The series with Oakland (and the home stand) concludes tomorrow afternoon at Camden Yards. Dylan Bundy gets the start for the O’s, and he’ll be opposed by Oakland’s Aaron Brooks. Game time is set for just after 12:30 PM.

Baltimore Orioles: Nibbling causes walks which costs you games

The Baltimore Orioles were unable to muster much in the Bronx this afternoon on Opening Day. Andrew Cashner got the start of course, and was ambushed early. And I mean early. Cashner’s line: 4.0 IP, 6 H, 6 R, 4 BB, 3 K.

New York didn’t take long to get the lead. With two on in the first inning Voit smacked a three-run home run. And that shouldn’t come as a surprise to the Orioles or Orioles fans. Voit tore up the Birds in Spring Training the past two seasons. That’s not to say that the Orioles should be expecting to fail when Voit’s at the plate, but he seems to thrive against Oriole pitching.

If there’s a silver lining it’s that the Orioles seemed to minimize the damage after that…for the most part. New York would load the bases against Cashner in the third, but he induced a ground ball double-play. That surrendered another run, however it also recorded two outs for the O’s. That’s a win for Cashner.

The Birds did at various points look like the offense was going to do something. They cut the lead to 4-1 in the fourth on Rio Ruiz‘s RBI-single. However New York came right back in the last of the fifth and loaded the bases yet again – once again with nobody down. That brought Voit back to the plate, and Cashner promptly hit him with a pitch. A sac fly-RBI later, and New York had extended it’s lead to 6-1.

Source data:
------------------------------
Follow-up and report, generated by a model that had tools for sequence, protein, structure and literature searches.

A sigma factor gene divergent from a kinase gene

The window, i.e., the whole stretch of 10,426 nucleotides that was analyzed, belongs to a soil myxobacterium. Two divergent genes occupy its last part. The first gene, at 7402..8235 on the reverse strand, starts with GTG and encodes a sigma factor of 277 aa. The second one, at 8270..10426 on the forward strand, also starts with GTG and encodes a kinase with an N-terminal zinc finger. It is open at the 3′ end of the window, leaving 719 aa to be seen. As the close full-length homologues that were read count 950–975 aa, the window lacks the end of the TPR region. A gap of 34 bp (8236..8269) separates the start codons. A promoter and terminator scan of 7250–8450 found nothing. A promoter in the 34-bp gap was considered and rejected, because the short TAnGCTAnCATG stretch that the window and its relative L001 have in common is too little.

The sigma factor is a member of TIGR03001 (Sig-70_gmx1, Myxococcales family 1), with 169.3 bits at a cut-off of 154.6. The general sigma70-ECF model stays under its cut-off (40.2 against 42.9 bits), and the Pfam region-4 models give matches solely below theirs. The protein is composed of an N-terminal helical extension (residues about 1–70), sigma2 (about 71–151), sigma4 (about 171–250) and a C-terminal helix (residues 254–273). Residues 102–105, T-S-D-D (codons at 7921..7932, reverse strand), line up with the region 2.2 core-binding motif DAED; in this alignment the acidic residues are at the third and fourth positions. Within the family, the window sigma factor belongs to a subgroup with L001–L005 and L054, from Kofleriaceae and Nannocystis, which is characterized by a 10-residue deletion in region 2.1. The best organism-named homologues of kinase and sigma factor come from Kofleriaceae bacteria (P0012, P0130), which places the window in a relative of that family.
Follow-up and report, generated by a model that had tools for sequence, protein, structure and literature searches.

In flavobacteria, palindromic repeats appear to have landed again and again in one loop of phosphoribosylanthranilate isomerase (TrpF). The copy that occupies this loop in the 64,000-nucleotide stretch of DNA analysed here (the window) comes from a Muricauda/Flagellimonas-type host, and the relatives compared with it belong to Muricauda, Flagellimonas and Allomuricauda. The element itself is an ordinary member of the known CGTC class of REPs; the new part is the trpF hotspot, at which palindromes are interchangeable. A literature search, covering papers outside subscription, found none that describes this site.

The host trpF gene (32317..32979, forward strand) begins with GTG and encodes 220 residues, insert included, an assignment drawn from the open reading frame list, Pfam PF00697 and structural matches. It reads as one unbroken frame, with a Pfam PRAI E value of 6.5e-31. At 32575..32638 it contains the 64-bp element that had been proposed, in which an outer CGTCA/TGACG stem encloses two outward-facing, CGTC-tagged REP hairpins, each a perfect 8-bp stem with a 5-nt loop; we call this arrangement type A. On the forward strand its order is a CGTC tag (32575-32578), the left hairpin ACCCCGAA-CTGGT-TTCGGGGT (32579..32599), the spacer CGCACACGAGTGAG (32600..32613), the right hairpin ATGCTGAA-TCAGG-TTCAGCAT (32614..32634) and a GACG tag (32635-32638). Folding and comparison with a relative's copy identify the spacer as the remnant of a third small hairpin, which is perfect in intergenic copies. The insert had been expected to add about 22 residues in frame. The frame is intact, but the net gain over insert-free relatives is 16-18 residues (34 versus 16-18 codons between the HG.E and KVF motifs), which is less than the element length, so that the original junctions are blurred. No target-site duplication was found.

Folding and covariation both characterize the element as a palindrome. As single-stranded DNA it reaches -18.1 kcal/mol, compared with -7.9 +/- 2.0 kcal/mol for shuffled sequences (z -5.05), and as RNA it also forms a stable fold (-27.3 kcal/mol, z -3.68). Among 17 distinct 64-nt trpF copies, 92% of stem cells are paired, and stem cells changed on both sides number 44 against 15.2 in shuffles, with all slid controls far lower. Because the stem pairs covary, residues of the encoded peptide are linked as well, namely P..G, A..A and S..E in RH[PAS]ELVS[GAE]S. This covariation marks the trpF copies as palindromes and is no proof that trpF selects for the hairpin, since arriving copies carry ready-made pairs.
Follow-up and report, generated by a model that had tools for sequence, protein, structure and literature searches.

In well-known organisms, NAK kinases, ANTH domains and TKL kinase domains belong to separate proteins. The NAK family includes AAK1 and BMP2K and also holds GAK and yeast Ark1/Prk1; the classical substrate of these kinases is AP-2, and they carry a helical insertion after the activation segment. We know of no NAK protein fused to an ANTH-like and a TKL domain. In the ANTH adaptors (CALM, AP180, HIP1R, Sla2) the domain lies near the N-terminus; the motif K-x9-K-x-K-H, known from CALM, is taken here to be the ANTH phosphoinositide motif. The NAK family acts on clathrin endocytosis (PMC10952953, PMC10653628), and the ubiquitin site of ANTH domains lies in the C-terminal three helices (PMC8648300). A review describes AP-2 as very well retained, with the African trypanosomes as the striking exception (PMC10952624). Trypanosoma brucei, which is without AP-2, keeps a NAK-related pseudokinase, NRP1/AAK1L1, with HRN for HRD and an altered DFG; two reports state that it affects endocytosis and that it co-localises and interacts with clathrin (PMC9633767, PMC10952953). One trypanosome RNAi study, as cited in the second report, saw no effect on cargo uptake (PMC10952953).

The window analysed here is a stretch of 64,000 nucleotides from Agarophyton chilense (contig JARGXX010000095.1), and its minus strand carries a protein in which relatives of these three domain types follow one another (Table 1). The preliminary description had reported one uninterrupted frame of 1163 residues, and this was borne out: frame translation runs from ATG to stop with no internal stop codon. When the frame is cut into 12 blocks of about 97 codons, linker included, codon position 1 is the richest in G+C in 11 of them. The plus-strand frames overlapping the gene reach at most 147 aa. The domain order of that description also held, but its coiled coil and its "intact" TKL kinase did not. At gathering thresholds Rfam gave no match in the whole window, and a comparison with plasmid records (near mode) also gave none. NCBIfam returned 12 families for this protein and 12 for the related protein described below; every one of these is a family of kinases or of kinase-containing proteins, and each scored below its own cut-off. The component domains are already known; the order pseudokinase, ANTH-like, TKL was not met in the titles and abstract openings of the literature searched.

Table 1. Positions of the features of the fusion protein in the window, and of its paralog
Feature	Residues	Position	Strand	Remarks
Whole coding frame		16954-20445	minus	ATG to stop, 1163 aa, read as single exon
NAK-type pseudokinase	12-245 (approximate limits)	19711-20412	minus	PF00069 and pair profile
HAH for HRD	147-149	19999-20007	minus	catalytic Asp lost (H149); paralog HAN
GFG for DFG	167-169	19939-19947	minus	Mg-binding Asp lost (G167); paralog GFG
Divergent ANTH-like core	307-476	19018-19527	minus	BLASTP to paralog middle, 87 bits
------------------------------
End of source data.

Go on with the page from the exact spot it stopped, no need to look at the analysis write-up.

Trey Mancini sacked an RBI-double in the eighth to cut the lead to 6-2. Mancini had a great game on Opening Day, going 3-for-4 with an RBI. He immediately cemented himself as a “veteran” leader on this team at the beginning of the spring, and that seems to have continued right into the regular season. However Bird’s solo homer in the eighth extended the lead to 7-2, which was the eventual final. It certainly wasn’t the Opening Day that the Orioles wanted, but it left them with a few tough lessons.

And one of those lessons was that pitchers shouldn’t nibble. Both Cashner and Mike Wright (who followed Cashner in the game) seemed to want to nibble on the corners. That’s a textbook symptom of an inexperienced team playing a team with a lot of power. It shows a certain hesitation, and a certain angst. Can it work on occasion? Sure. And on occasion it’s something that pitchers should do.

But nibbling shouldn’t be the way that you think you’re going to get guys out. In effect, you’re relying on the home plate umpire to give you the call. And you never want to rely on someone else when you can take matters into your own hands. Oriole pitching walked eight hitters today, which isn’t conducive to winning games.

Here’s an example; Voit’s first inning home run came on a 3-1 count. The 2-1 pitch was a low slider, which according to replays did in fact catch the bottom of the strike zone. In an ideal world, the next pitch would have come on a 2-2 count and would have then been a pitcher’s pitch. (In fairness, Jesus Sucre probably also could have brought that ball up just a bit, and framed it in the strike zone.)

Instead Cashner ended up with a 3-1 count on the next pitch, and with two runners on base knew that he needed to throw a strike. Voit knew it also, and came up swinging – the ball ended up in the seats. Now ironically that’s a situation in which Cashner in theory nibbled successfully. However again when you decide to nibble intead of pitching, you’re relying on ol’ blue to give you the call. It should have happened in that instance, but it didn’t.

The O’s of course are off tomorrow, which would have been a rain date for Opening Day had there been foul weather in NY today. But they’re back at it Saturday afternoon.

%d bloggers like this: